In any case, Baum said in an email, "it is very likely that human actions, whether by changing the local landscape or altering global climate, have contributed to the death of so many large baobabs."
Baobabs have deep cultural significance for many communities across southern Africa. A common myth among the indigenous people living near southern Africa's Zambezi river holds that the earliest baobabs were vain about their massive size, and as punishment were ripped from the ground by the gods and replanted upside down, with their roots in the air. They are often the site of shrines and meeting places, and support self-contained ecosystems of mammals, birds, reptiles and insects.
The trees could also be an underappreciated solution to economic development and food security in rural areas, according to research from the Kenya-based World Agroforestry Center.
The fruit is nutritious, with up to 10 times the vitamin C of an orange — and there's a booming global market for products made from the leaves and seeds, including cosmetics and herbal medicine.
The oldest tree in Patrut's survey was one in Zimbabwe called Panke, which died in 2011. According to Patrut, it was around 2,500 years old — meaning that it sprouted a few years after the founding of the Roman Republic.
But baobab dating is a tricky, controversial process. Baum says that many baobab specialists are dubious of Patrut's tree dating method, which could underestimate the age of a tree by up to 1,000 years.
The problem is the tree's so-called "architecture." Baobab bark is a favorite snack of elephants and is susceptible to rot. Because of these pressures, from a young age baobabs become pockmarked with "scars." The common theory, Baum said, is that as the tree slowly grows around these scars, they can become large hollows.
In a typical tree ring, it's easy to trace a straight line from the oldest part at the center to the youngest part at the edge. But on a baobab, new wood grows both on the outside and into the hollows, meaning that a straight line from the center of the tree can pass both forward and backward in time — or even skip decades altogether if they rotted out or were eaten. That makes it very hard to know which part of the tree is the oldest, or even to know if the oldest parts still exist.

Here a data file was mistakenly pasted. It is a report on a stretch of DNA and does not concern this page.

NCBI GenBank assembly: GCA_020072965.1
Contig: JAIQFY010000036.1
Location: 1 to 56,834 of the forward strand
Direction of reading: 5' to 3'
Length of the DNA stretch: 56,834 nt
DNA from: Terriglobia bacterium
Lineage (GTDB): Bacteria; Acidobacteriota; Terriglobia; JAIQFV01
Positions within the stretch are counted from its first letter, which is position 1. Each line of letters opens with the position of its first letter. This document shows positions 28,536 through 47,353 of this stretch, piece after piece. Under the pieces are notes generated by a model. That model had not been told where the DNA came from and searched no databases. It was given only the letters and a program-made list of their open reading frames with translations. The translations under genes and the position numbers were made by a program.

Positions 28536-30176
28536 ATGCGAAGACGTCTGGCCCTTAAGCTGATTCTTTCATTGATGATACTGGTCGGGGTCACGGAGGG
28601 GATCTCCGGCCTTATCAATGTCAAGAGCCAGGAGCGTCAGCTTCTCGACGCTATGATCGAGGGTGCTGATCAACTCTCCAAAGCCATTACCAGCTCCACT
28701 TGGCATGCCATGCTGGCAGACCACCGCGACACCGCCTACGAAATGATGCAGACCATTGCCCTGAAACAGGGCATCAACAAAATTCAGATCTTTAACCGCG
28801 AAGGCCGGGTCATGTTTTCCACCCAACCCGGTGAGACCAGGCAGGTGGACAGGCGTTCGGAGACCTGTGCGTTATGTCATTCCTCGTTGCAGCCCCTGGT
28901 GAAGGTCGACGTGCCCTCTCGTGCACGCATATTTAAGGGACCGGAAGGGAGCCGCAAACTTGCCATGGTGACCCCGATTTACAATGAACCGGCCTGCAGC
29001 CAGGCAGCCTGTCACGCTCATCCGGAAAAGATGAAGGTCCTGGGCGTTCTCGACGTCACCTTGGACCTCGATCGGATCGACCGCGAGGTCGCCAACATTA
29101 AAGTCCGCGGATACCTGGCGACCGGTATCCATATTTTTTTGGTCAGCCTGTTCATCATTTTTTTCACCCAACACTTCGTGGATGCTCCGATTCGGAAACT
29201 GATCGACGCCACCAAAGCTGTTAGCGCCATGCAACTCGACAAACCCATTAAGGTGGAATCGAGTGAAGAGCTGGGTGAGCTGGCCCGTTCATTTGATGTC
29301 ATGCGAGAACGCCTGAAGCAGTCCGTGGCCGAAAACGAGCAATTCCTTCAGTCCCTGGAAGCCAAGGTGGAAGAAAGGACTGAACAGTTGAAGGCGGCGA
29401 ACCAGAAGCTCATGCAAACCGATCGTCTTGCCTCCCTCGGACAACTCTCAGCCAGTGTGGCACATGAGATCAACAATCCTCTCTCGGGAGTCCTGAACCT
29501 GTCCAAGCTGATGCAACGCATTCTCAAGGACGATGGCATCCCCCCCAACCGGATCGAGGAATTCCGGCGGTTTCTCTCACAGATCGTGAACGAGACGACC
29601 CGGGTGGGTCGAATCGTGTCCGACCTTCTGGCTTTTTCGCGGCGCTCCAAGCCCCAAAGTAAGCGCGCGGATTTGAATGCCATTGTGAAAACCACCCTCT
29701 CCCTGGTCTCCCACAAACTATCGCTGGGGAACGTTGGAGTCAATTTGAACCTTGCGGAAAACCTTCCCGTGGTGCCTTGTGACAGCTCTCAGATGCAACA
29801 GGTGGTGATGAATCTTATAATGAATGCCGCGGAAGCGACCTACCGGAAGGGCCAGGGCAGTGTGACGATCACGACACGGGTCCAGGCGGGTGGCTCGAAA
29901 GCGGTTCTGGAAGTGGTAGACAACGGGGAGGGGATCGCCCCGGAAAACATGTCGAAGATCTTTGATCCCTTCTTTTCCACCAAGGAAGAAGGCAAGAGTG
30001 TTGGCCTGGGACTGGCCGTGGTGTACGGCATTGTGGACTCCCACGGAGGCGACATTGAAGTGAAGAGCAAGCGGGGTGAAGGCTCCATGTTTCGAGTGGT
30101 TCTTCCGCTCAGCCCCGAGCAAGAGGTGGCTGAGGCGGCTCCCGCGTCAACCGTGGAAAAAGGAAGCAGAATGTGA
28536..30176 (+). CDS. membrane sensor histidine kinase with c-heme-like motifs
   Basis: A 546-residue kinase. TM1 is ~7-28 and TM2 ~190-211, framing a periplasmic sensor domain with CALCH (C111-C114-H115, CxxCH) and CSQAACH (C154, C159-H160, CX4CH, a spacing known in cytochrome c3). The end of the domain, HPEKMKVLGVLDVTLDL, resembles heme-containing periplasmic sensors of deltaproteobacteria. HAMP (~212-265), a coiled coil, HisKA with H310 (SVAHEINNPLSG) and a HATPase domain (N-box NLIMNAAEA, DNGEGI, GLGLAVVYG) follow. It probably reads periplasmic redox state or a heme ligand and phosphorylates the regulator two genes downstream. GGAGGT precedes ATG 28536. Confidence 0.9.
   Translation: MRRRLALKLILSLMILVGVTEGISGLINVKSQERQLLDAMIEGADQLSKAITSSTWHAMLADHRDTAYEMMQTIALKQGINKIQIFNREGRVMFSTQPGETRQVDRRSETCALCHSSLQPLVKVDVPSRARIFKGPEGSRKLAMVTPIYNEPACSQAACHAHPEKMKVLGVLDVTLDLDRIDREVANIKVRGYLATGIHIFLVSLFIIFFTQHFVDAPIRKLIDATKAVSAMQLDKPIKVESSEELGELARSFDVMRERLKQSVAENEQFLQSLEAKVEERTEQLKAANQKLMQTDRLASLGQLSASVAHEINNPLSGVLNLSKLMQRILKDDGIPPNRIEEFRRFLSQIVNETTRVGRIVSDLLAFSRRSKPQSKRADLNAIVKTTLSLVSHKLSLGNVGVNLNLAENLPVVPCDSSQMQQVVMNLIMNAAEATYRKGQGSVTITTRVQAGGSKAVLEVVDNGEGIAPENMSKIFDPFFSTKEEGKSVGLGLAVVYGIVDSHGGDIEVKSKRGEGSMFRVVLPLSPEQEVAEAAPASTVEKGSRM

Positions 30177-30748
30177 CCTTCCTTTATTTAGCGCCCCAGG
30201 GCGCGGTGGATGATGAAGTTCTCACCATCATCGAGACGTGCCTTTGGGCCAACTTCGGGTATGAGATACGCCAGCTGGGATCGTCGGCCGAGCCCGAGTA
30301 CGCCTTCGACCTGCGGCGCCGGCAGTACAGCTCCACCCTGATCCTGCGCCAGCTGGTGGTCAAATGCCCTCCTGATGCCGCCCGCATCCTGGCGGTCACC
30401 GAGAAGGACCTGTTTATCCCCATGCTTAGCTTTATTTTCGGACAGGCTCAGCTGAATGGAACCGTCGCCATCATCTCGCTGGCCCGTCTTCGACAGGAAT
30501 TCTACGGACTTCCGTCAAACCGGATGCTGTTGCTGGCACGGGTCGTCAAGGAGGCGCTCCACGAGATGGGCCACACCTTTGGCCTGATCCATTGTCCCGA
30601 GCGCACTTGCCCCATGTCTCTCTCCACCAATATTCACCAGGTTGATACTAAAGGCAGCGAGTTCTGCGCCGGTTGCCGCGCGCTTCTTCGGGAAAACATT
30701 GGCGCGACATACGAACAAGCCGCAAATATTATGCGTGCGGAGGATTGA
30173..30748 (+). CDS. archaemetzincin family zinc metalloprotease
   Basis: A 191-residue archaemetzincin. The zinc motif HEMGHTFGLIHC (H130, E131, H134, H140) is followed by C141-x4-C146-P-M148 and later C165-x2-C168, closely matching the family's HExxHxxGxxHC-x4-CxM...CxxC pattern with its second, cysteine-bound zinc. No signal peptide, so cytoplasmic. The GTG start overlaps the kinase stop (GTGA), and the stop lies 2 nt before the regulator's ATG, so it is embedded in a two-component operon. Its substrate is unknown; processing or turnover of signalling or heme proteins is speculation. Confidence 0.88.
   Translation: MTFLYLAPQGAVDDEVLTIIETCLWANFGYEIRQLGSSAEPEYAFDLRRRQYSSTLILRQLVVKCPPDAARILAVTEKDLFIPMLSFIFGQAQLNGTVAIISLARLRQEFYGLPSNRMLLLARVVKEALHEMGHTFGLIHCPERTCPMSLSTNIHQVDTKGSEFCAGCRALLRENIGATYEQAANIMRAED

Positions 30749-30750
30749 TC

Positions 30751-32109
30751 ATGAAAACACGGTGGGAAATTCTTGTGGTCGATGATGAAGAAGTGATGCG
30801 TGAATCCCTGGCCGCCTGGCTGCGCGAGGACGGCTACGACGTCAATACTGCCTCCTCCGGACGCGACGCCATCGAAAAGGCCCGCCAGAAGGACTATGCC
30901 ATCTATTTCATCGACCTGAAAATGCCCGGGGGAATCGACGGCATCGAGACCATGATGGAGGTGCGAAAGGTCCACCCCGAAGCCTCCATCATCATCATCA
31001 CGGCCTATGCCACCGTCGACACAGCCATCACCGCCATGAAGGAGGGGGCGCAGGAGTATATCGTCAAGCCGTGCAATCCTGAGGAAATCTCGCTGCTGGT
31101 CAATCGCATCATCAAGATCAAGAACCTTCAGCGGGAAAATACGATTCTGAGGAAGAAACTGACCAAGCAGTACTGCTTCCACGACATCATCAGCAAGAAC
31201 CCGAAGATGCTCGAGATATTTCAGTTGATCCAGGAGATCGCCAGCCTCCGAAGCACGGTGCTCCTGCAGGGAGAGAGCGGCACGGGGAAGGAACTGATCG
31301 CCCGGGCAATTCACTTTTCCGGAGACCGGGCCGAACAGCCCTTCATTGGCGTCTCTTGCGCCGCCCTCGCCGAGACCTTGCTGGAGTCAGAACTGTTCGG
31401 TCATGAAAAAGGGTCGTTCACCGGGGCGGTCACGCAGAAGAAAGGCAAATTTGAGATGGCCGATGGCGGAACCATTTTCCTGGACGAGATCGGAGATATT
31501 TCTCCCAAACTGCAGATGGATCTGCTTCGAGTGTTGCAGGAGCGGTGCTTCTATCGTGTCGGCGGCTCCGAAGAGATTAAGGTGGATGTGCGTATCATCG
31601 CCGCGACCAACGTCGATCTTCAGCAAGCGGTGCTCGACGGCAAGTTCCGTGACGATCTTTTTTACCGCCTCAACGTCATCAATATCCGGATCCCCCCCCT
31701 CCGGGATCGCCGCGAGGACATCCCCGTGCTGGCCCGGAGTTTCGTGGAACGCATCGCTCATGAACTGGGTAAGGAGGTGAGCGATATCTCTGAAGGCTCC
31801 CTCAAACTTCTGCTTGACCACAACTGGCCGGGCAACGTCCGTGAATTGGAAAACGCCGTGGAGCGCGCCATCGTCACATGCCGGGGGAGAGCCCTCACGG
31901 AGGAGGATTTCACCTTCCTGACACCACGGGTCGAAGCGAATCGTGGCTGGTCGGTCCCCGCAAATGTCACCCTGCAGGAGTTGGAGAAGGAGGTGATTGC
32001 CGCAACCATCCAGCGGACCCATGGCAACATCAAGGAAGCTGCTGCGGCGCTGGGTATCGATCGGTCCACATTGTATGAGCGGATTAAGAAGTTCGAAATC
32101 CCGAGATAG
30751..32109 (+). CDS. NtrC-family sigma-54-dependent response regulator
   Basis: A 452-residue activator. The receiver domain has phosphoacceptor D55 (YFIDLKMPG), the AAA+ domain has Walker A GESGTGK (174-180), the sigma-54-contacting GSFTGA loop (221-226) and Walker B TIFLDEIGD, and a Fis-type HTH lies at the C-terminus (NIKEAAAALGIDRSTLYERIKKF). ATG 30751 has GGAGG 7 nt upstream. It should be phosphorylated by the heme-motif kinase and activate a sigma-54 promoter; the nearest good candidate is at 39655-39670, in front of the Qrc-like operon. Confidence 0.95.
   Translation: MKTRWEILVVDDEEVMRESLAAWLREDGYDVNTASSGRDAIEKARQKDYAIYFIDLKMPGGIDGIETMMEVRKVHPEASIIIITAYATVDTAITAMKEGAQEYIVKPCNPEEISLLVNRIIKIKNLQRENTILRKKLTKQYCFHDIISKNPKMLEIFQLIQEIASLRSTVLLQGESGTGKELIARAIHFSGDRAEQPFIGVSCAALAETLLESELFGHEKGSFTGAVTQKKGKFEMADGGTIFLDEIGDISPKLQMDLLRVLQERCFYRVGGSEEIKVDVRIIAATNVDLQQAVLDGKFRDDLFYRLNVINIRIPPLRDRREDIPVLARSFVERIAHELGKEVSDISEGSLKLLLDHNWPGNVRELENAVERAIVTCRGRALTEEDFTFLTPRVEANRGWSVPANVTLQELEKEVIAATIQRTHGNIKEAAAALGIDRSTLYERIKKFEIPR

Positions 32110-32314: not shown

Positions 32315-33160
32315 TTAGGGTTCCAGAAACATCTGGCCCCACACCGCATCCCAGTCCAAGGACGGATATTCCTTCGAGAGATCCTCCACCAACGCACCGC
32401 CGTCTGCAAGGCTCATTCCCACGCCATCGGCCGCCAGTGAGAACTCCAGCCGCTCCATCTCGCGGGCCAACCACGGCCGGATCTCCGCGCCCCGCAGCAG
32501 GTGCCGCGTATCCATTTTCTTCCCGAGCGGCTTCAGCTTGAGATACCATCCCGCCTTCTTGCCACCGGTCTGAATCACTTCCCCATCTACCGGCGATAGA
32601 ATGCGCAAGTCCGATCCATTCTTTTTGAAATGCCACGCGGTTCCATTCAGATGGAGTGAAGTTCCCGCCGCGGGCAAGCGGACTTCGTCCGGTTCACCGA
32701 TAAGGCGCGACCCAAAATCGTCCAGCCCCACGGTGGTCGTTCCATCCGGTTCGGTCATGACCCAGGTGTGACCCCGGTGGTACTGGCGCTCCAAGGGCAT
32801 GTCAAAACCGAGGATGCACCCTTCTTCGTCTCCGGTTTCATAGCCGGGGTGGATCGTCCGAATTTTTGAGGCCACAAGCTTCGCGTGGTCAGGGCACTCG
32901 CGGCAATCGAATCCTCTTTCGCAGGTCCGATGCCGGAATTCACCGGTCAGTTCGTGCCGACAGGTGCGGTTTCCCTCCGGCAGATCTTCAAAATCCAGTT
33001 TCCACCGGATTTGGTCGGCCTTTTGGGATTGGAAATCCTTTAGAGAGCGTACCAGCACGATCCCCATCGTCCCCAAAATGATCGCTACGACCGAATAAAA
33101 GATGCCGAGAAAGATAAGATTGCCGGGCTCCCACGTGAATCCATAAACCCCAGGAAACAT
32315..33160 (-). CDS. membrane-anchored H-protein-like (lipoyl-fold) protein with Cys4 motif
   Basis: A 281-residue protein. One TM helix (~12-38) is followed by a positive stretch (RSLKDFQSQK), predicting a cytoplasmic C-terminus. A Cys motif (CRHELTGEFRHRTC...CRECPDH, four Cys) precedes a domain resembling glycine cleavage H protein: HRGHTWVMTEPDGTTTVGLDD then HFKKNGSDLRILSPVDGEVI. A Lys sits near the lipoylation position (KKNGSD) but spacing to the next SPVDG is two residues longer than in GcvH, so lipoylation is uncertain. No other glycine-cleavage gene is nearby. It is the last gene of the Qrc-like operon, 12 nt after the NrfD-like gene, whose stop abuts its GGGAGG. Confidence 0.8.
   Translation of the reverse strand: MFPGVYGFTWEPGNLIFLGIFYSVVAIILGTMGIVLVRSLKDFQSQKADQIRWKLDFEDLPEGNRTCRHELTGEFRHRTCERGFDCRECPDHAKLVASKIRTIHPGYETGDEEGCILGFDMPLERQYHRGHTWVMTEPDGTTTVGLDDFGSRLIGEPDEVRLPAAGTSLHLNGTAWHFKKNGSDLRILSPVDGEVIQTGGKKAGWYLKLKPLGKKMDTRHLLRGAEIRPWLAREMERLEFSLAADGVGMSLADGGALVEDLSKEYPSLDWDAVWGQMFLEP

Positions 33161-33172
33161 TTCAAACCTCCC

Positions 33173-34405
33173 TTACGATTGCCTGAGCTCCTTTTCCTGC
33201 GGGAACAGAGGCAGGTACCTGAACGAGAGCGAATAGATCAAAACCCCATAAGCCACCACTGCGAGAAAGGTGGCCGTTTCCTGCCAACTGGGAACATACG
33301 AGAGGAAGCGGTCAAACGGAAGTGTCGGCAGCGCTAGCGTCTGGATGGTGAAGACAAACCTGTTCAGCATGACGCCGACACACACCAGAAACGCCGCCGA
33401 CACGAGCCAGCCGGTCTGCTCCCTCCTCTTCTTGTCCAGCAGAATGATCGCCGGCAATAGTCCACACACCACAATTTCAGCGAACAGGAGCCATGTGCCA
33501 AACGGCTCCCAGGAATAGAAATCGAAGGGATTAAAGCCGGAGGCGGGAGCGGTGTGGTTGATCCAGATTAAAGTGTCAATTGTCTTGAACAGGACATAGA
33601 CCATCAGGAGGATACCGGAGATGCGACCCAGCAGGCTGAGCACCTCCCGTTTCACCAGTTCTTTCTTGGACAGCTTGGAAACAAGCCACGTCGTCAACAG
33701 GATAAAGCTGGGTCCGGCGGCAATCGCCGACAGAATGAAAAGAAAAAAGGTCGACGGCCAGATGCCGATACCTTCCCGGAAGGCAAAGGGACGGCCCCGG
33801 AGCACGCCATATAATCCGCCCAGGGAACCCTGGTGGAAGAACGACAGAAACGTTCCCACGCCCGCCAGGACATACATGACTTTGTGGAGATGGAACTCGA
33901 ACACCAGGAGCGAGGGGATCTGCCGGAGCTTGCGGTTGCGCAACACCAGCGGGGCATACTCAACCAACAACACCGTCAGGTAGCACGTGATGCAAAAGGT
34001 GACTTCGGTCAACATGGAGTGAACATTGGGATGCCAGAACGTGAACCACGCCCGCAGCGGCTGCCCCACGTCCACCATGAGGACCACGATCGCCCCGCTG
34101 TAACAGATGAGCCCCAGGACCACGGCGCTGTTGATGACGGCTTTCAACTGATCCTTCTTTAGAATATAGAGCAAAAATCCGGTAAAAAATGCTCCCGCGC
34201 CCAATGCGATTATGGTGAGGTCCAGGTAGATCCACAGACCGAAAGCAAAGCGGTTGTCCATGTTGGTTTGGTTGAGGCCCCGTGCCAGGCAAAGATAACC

But according to Patrut, the big central hollows were never filled with wood, and are instead the result of independent trunks fusing over time with a gap in the middle — "the only reasonable explanation," he says.
Diane Mayne, a baobab ecologist who worked with Patrut in South Africa, called his theory a "fantasy" that lacks "a single reference on wood, anatomy, allometry or biomechanics or the hollowing process — despite recent research in these fields."
A spokesperson for Nature Plants says the paper followed the journal's normal review process, which involves peer review by two or three outside experts.
The architectural debate doesn't change the finding that so many trees are dying off. But it matters because correctly identifying the oldest part of a tree is a prerequisite for knowing its age.
And a better understanding of the trees' ages may help conservationists know which baobabs may be the next to go — and to offer a chance to support and protect them before it's too late.
"The decline and death of so many large baobabs in recent years is so tragic," Baum says. "It is heartbreaking that any should die — but even worse that we might be seeing the beginning of the end of all the giant baobabs on the planet."